10-20-30 interval training, which involves intervals of low, moderate and high intensity, has been shown to be an effective way to improve running performance and overall health. It can, however, prove to be a bit uncomfortable for some people, as the 10-second interval involves an all-out sprint at maximum intensity, but a new study suggests that this kind of training can be just as effective if the sprints are run at 80% of max. Given this less-stringent requirement, researchers hope that the new knowledge will encourage more people to adopt a form of 10-20-30 training, which benefits both blood pressure and cholesterol levels.

The Study

Nineteen male runners in their 20s and 30s replaced their regular training with 10-20-30 workouts, which consisted of three to four five-minute blocks, three times a week for six weeks. One group performed the 10-second sprint with maximum effort (the "fast" group) and the other with approximately 80% of their maximal effort (the "slow" group).

Over the 5K distance that the researchers tested the 19 runners on, the “slow” group (who sprinted at 80% of their max) achieved an average improvement in their running time of 42 seconds compared to their original time prior to the six-week interval training. Meanwhile, runners in the “fast” group only shaved an average of 24 seconds off their times. Both groups of runners improved their overall fitness (maximum oxygen uptake) by 7%.

“The result of the study really came as a surprise,” says Jens Bangsbo, PhD, of the University of Copenhagen’s Department of Nutrition, Exercise and Sports and lead author of the study. “We think that it is related to the fact that training at 80% of one’s maximum still gets the heart rate up significantly higher than a runner’s typical training. A higher heart rate leads to improvements in heart function and circulation, as evidenced in their times and fitness levels.”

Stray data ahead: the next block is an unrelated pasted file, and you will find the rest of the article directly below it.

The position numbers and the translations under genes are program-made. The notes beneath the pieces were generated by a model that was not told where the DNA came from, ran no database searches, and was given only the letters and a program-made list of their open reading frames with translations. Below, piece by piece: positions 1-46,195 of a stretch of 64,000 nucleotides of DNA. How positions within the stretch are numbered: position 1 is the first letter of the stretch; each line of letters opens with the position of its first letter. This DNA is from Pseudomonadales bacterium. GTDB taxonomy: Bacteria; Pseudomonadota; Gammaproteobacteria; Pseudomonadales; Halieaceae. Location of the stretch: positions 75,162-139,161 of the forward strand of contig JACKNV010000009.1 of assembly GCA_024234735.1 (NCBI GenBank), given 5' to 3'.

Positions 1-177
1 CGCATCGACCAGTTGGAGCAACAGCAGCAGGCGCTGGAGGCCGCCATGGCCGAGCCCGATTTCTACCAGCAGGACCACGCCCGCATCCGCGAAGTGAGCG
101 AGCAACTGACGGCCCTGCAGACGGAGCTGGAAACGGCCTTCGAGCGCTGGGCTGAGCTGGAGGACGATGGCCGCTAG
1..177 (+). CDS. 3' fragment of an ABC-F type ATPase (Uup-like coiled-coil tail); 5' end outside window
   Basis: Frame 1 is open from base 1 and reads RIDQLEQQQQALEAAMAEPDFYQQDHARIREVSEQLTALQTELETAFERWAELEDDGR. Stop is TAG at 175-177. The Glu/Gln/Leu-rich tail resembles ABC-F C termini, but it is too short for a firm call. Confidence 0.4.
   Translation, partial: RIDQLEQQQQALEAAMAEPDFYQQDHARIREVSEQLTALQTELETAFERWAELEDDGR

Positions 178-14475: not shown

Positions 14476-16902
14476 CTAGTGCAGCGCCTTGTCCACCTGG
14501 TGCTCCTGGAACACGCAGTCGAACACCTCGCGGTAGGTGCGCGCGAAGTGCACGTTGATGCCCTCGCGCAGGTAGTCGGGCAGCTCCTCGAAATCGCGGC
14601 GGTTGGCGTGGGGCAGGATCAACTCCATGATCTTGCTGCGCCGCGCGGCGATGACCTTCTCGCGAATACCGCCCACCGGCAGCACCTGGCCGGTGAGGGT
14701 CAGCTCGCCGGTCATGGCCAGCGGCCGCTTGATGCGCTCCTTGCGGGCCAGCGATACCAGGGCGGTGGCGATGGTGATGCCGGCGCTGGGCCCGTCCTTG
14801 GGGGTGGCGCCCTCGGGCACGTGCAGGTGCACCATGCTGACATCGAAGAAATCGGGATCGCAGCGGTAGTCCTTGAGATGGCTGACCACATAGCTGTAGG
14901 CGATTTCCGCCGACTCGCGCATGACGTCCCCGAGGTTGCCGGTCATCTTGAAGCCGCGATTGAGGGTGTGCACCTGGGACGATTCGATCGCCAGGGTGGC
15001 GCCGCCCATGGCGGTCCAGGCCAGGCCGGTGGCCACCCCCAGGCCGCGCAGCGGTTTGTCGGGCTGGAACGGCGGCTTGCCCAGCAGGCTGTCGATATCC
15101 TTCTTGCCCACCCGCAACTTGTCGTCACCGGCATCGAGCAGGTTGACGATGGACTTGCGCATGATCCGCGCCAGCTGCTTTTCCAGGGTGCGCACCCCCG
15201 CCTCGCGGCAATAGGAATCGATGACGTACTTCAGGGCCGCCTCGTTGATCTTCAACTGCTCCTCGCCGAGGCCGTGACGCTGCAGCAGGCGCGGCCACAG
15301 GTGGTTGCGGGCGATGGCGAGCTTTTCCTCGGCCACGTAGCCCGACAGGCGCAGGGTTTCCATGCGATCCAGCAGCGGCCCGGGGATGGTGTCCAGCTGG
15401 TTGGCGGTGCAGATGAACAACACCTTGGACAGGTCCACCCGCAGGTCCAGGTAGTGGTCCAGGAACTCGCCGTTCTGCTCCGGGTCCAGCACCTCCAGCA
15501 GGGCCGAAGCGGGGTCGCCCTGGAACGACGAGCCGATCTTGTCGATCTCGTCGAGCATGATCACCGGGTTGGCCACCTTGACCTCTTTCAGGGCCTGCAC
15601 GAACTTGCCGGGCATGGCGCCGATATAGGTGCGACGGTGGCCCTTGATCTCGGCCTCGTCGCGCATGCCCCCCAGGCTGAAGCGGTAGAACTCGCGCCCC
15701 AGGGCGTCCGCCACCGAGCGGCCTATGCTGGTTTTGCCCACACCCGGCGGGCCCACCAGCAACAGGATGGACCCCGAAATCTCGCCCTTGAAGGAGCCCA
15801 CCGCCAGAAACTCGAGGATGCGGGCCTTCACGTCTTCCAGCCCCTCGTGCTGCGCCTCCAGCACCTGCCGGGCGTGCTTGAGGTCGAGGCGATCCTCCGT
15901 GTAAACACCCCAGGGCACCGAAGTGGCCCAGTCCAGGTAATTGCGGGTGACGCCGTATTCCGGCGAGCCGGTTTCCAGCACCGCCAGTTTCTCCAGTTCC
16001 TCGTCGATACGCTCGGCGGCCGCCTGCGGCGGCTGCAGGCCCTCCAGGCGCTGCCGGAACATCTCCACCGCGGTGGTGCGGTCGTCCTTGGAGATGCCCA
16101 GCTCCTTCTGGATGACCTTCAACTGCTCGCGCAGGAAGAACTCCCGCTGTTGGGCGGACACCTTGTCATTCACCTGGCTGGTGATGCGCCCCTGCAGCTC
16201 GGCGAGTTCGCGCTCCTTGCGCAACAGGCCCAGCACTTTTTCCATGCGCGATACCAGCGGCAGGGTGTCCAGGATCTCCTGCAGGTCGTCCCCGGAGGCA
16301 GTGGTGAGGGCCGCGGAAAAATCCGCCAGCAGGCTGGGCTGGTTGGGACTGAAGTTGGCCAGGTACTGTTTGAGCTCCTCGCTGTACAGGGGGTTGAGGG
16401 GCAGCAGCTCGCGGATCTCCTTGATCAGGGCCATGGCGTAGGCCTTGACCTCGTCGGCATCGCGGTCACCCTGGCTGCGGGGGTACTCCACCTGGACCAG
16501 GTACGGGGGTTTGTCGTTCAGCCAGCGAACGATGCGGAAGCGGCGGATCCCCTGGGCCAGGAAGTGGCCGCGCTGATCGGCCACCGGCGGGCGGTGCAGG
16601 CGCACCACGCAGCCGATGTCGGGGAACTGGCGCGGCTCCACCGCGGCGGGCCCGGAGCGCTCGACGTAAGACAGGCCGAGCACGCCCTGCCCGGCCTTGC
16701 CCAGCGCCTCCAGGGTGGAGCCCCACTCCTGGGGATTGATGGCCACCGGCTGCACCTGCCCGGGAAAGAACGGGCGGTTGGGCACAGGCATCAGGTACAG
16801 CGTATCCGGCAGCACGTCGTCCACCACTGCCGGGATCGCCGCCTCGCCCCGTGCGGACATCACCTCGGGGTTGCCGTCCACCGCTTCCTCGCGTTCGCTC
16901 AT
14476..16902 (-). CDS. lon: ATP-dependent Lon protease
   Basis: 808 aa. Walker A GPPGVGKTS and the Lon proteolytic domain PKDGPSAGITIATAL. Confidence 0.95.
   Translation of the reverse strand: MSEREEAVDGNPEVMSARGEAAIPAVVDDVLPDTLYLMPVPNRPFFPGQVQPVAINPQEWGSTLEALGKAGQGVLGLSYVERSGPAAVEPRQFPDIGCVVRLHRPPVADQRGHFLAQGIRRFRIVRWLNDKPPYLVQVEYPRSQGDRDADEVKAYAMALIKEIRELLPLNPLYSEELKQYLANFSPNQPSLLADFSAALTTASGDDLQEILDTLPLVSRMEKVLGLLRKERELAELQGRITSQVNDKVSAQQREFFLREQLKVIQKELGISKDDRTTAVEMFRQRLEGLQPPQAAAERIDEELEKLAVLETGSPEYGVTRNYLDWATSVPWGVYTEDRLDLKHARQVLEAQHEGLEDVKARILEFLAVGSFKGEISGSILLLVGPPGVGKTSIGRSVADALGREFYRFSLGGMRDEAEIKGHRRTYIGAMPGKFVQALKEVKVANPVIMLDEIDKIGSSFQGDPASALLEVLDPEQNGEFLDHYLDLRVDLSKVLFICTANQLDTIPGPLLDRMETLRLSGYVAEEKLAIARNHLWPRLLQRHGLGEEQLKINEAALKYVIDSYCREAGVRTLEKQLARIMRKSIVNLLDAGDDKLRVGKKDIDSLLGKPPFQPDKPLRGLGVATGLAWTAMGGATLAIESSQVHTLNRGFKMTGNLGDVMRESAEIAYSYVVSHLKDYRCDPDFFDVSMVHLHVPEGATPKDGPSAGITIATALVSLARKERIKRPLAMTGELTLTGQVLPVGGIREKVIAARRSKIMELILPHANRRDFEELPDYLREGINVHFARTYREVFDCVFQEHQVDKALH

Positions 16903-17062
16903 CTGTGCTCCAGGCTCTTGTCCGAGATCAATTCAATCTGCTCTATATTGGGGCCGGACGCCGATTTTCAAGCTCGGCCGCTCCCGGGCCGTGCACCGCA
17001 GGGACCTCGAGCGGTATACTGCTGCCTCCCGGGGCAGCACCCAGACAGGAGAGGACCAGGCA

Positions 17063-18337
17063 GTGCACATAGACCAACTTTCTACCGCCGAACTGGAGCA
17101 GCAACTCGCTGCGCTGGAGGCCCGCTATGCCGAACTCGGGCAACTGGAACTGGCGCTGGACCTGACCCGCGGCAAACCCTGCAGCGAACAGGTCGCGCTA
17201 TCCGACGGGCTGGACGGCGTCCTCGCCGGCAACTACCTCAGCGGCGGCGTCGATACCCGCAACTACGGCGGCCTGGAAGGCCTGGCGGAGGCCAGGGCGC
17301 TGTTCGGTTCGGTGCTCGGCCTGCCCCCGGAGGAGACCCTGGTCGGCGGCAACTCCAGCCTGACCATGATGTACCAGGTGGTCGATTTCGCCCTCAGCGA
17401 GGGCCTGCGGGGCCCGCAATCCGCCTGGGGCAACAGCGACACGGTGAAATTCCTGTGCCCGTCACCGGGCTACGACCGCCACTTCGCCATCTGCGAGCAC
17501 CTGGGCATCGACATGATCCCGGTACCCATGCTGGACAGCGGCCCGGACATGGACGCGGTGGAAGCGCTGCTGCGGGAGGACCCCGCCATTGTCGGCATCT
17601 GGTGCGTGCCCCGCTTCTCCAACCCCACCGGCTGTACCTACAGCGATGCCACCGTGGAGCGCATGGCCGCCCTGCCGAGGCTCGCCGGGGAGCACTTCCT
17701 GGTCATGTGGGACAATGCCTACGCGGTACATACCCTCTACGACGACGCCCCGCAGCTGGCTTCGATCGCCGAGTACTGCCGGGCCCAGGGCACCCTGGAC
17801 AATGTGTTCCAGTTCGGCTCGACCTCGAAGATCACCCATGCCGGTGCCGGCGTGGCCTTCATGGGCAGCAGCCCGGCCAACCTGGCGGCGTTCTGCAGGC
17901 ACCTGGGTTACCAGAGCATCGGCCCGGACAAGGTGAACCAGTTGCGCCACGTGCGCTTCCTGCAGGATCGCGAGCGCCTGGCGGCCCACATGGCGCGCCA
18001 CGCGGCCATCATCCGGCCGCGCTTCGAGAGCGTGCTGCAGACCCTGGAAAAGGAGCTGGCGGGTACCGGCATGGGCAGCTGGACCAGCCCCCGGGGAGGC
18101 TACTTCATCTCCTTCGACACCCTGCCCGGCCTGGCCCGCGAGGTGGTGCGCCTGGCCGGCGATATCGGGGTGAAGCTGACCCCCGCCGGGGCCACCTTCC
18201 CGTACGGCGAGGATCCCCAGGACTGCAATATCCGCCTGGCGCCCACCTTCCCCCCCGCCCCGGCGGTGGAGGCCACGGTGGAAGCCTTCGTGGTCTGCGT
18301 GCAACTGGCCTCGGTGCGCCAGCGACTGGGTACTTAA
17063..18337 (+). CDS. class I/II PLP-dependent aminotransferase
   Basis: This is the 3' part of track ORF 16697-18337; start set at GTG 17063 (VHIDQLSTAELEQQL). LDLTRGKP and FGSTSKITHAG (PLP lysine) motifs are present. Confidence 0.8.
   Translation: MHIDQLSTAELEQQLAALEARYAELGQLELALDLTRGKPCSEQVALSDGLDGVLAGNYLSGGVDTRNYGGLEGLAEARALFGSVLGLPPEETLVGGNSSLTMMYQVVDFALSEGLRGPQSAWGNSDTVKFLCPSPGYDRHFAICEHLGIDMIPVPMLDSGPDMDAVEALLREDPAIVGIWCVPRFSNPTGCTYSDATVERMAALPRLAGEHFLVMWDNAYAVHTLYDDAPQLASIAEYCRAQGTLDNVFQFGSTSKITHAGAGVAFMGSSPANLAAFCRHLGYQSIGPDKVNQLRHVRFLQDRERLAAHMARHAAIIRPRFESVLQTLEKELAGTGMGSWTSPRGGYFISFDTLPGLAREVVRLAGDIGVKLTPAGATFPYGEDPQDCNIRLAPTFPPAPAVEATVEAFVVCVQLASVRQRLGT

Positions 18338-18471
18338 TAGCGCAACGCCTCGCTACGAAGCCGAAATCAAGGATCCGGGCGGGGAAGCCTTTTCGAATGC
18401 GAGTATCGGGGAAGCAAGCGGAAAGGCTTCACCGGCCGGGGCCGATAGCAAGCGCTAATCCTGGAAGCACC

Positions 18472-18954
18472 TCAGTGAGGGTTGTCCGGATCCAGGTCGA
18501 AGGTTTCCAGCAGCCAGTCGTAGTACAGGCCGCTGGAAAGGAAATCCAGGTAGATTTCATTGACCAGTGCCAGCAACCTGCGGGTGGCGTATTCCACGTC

Maximum Effort Still Yields Maximum Result

At first glance, it appears as if holding back somewhat on one’s final sprint carries nothing but advantages. However, as the researchers dug deeper to better understand how the runners’ muscles reacted to the two loads, one important difference emerged.

“Only the max group formed more mitochondria, which are the tiny power plants within our cells,” explains Dr. Bangsbo. “They are important for muscular endurance and the ability of our muscles to engage in long-term work. So, if you plan on running a half or full marathon, you’ll need to sprint at 100% to achieve the maximum benefit.”

In other words, submaximal training is enough to improve performance in shorter races, but longer races likely require more of an all-out effort.

What the Research Means to Health and Exercise Professionals

While this research focused on runners, 10-20-30 interval training, like other forms of high-intensity interval training, comes with a wide range of other health benefits. An earlier study, also by Dr. Bangsbo and colleagues, showed that individuals with type 2 diabetes who performed 10 weeks of 10-20-30 training lowered their blood sugar and reduced their amount of visceral fat, which surrounds important internal organs like the liver, pancreas and intestines and is associated with a higher risk of health conditions such as heart disease and type 2 diabetes. This is good news of all your clients, runners and non-runners alike.